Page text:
In his Nov. 2 Local Opinions commentary, “Driverless cars are coming. Here’s how not to regulate them,” Marc Scribner criticized legislation I introduced to legalize autonomous vehicles in the District. Perhaps Mr. Scribner is unfamiliar with the legislative process: After a bill is introduced, legislatures hold hearings and invite comment in order to improve the legislation before it comes up for a vote. After meeting with the auto industry, I removed two of the provisions Mr. Scribner criticized — requiring autonomous vehicles to use alternative fuels and subjecting them to a vehicle-miles-traveled fee in lieu of the motor fuels tax — from the bill several weeks ago. These changes were discussed throughout the Oct. 23 hearing that Mr. Scribner referenced in his piece.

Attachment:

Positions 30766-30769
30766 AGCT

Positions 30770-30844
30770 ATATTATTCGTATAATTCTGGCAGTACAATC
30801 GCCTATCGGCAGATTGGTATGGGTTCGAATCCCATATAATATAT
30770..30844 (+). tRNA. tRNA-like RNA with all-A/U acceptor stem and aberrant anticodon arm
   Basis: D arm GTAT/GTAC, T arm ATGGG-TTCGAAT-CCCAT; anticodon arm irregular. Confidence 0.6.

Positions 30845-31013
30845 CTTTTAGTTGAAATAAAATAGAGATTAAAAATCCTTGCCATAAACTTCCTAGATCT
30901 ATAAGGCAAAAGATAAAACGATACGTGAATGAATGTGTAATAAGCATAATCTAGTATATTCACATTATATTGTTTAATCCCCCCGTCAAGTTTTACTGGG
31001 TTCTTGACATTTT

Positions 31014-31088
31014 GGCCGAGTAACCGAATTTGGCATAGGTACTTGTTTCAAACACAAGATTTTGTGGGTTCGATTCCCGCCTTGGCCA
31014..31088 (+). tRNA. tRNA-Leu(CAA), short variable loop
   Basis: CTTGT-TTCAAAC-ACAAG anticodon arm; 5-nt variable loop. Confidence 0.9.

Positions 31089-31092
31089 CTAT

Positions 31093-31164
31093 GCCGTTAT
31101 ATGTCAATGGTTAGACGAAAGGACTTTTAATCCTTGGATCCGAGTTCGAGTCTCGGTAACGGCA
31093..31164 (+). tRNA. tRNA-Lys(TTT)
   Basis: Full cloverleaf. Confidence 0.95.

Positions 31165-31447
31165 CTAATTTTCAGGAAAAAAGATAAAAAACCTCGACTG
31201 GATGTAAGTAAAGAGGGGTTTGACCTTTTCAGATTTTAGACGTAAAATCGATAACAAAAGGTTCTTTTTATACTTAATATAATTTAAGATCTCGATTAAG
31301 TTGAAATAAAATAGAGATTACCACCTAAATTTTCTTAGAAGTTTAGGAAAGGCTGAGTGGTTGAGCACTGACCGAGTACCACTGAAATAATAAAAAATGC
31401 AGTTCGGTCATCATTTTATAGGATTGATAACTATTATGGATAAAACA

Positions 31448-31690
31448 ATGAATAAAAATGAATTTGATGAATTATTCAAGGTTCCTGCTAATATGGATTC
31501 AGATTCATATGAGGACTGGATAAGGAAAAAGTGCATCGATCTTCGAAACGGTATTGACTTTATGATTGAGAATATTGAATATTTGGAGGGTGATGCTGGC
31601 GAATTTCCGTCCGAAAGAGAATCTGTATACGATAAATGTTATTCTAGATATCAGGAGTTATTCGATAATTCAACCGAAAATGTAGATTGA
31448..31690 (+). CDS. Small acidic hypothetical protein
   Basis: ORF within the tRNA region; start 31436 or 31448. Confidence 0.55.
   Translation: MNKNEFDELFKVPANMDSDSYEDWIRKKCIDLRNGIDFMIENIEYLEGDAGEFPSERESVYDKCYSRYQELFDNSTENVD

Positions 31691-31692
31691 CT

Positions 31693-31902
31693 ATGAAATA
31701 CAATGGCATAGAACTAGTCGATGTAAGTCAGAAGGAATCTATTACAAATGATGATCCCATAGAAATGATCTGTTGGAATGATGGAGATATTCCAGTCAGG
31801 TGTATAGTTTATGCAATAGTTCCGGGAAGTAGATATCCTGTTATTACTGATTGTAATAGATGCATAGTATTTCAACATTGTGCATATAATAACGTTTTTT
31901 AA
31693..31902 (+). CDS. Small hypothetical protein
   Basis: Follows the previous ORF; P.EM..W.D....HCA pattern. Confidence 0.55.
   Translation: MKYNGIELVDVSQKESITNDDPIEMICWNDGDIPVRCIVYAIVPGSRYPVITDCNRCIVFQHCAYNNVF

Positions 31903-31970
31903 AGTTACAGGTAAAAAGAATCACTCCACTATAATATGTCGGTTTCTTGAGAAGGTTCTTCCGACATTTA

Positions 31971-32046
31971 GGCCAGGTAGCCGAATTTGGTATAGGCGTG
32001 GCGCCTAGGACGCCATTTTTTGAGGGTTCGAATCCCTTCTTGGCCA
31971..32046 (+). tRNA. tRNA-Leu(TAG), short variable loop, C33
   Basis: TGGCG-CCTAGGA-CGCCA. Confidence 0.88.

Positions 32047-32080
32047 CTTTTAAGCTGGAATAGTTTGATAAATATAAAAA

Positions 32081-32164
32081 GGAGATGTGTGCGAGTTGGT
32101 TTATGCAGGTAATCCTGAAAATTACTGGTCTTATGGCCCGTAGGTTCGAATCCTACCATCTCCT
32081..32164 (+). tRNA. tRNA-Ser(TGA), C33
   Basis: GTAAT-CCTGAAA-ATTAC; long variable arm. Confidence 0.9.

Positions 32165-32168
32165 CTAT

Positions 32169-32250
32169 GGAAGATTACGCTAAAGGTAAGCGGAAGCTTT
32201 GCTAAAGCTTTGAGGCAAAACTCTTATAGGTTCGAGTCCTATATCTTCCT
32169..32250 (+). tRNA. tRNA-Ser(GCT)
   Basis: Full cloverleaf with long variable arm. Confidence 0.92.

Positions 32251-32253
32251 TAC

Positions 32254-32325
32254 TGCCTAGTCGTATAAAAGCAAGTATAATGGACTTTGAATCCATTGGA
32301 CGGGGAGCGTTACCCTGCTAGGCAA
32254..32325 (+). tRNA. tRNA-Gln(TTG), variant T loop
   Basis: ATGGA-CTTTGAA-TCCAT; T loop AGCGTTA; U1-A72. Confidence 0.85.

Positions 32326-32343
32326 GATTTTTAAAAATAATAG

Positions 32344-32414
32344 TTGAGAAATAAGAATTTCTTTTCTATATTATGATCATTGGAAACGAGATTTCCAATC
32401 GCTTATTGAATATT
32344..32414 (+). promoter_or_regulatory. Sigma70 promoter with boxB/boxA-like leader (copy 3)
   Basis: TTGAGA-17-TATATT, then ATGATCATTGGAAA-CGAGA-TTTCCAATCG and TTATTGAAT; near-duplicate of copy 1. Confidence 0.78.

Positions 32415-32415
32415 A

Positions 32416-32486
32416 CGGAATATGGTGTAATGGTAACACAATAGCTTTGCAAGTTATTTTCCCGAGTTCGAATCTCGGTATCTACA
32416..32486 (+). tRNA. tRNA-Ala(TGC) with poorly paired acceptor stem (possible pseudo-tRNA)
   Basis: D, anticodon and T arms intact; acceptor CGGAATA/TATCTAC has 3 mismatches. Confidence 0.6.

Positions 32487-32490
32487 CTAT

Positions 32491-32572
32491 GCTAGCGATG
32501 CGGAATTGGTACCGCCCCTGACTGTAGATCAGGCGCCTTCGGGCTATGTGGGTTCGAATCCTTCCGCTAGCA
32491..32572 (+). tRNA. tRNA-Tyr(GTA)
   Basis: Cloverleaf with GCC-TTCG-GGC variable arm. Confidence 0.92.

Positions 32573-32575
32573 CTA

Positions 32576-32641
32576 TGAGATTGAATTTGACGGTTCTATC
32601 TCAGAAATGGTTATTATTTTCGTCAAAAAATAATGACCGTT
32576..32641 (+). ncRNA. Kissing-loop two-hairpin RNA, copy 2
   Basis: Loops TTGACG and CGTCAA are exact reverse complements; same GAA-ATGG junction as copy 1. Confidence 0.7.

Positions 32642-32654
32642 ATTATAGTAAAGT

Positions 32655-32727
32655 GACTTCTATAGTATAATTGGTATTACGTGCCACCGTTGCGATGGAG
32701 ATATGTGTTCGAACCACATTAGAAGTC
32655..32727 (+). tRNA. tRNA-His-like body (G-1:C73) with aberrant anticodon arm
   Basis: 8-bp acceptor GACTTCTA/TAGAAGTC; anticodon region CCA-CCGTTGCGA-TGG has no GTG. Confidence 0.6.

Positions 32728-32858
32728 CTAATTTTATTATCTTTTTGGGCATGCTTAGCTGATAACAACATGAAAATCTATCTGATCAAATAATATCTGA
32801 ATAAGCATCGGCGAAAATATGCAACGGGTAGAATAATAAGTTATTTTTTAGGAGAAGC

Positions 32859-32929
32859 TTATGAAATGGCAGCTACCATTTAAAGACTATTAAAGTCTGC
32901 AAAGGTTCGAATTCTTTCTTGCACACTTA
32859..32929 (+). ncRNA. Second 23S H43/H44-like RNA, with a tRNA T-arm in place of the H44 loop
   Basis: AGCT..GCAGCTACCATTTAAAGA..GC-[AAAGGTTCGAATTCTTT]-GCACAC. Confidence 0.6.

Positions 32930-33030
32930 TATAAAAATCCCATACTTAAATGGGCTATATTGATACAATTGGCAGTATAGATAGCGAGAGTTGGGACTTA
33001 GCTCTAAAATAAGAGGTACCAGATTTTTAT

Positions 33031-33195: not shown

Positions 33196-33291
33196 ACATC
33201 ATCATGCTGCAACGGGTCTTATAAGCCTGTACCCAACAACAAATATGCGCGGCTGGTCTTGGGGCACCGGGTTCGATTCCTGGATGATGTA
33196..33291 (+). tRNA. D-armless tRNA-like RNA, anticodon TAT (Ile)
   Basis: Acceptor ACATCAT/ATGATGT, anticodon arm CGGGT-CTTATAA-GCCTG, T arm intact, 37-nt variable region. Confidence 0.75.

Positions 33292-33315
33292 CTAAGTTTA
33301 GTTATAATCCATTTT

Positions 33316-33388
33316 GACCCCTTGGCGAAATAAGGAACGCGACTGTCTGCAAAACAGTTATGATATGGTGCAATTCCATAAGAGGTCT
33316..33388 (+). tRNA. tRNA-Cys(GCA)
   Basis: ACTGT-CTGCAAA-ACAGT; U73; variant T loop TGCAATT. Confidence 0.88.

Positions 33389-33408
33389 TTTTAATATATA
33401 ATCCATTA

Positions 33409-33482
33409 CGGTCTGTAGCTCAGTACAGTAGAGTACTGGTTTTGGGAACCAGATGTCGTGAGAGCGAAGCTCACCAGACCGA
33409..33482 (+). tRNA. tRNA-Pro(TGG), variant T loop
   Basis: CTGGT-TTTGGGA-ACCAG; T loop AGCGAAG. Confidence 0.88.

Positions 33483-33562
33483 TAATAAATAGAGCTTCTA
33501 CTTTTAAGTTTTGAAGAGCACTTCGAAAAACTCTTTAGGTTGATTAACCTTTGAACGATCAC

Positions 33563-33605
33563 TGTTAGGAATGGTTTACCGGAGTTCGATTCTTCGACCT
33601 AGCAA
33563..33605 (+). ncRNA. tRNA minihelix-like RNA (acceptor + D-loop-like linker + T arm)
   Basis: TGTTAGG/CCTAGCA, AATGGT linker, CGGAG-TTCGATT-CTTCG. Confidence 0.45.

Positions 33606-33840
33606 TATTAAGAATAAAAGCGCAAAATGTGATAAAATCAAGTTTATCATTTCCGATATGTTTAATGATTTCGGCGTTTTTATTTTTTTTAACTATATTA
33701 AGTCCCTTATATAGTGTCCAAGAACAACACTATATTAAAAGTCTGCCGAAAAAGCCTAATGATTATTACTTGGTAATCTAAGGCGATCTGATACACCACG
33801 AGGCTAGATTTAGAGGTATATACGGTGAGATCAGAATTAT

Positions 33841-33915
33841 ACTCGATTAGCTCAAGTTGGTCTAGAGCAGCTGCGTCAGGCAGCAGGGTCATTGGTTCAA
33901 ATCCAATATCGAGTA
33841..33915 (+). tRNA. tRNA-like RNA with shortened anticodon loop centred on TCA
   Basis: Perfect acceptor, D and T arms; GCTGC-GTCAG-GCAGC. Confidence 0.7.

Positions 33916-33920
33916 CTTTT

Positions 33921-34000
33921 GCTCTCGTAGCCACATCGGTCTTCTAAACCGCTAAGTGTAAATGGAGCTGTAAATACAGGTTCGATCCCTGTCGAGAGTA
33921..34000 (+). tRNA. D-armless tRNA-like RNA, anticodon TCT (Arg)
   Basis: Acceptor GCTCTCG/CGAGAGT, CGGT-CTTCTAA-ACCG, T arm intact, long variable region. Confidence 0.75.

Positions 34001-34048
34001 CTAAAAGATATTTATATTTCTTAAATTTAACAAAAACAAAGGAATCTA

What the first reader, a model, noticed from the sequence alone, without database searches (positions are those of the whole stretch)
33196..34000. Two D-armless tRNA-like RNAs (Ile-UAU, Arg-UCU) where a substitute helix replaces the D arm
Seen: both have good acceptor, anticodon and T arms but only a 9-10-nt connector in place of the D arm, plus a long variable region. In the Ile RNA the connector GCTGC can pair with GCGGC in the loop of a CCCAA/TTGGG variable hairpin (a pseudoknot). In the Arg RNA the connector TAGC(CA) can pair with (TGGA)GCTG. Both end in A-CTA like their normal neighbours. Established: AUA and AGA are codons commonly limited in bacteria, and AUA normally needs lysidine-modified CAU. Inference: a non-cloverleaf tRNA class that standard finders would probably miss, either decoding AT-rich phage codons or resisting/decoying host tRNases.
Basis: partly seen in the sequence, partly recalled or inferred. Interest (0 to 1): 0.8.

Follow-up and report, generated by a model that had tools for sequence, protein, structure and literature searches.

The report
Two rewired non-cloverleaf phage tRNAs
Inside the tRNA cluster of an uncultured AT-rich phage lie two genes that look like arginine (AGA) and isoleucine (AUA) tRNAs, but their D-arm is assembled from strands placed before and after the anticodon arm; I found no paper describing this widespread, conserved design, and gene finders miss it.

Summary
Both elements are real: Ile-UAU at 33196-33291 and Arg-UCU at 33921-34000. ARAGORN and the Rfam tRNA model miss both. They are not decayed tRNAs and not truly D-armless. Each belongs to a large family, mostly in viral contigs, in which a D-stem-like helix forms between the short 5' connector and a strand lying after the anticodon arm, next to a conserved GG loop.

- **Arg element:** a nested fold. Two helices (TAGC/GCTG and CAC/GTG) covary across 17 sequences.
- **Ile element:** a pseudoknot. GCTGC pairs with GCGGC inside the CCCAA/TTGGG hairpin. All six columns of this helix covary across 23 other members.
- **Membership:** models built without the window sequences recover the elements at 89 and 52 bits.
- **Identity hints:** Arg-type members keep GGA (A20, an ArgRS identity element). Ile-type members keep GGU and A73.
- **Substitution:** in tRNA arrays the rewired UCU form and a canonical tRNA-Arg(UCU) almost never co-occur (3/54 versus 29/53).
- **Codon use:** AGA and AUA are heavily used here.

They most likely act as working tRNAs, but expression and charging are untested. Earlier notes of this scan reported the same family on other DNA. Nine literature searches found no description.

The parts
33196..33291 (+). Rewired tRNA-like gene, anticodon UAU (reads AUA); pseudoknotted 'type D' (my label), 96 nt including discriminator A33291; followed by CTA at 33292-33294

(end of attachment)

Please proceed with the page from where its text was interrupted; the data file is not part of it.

Before bringing this bill up for a vote this month, I will continue working with the industry to make sure that it fully supports this emerging technology.
Mr. Scribner’s third criticism — requiring a licensed driver be present in the driver’s seat — is a necessity of the current technology. In a few years, cars will be able to operate reliably without drivers, but we are not there yet. As the representative from Daimler testified at the hearing, “We do not believe we’re at the point of replacing the driver. . . . And I suggest we not rush into it, because the public streets really aren’t the place for a ‘trial and error’ testing approach.”
The Daimler representative concluded, “With this legislation, the District of Columbia will become the first in the all-important Northeast corridor of the U.S. to address the issue of autonomous vehicles.” I look forward to the passage of this legislation and having autonomous vehicles on our streets soon.
Mary M. Cheh, Washington
The writer (D-Ward 3) is a member of the D.C. Council.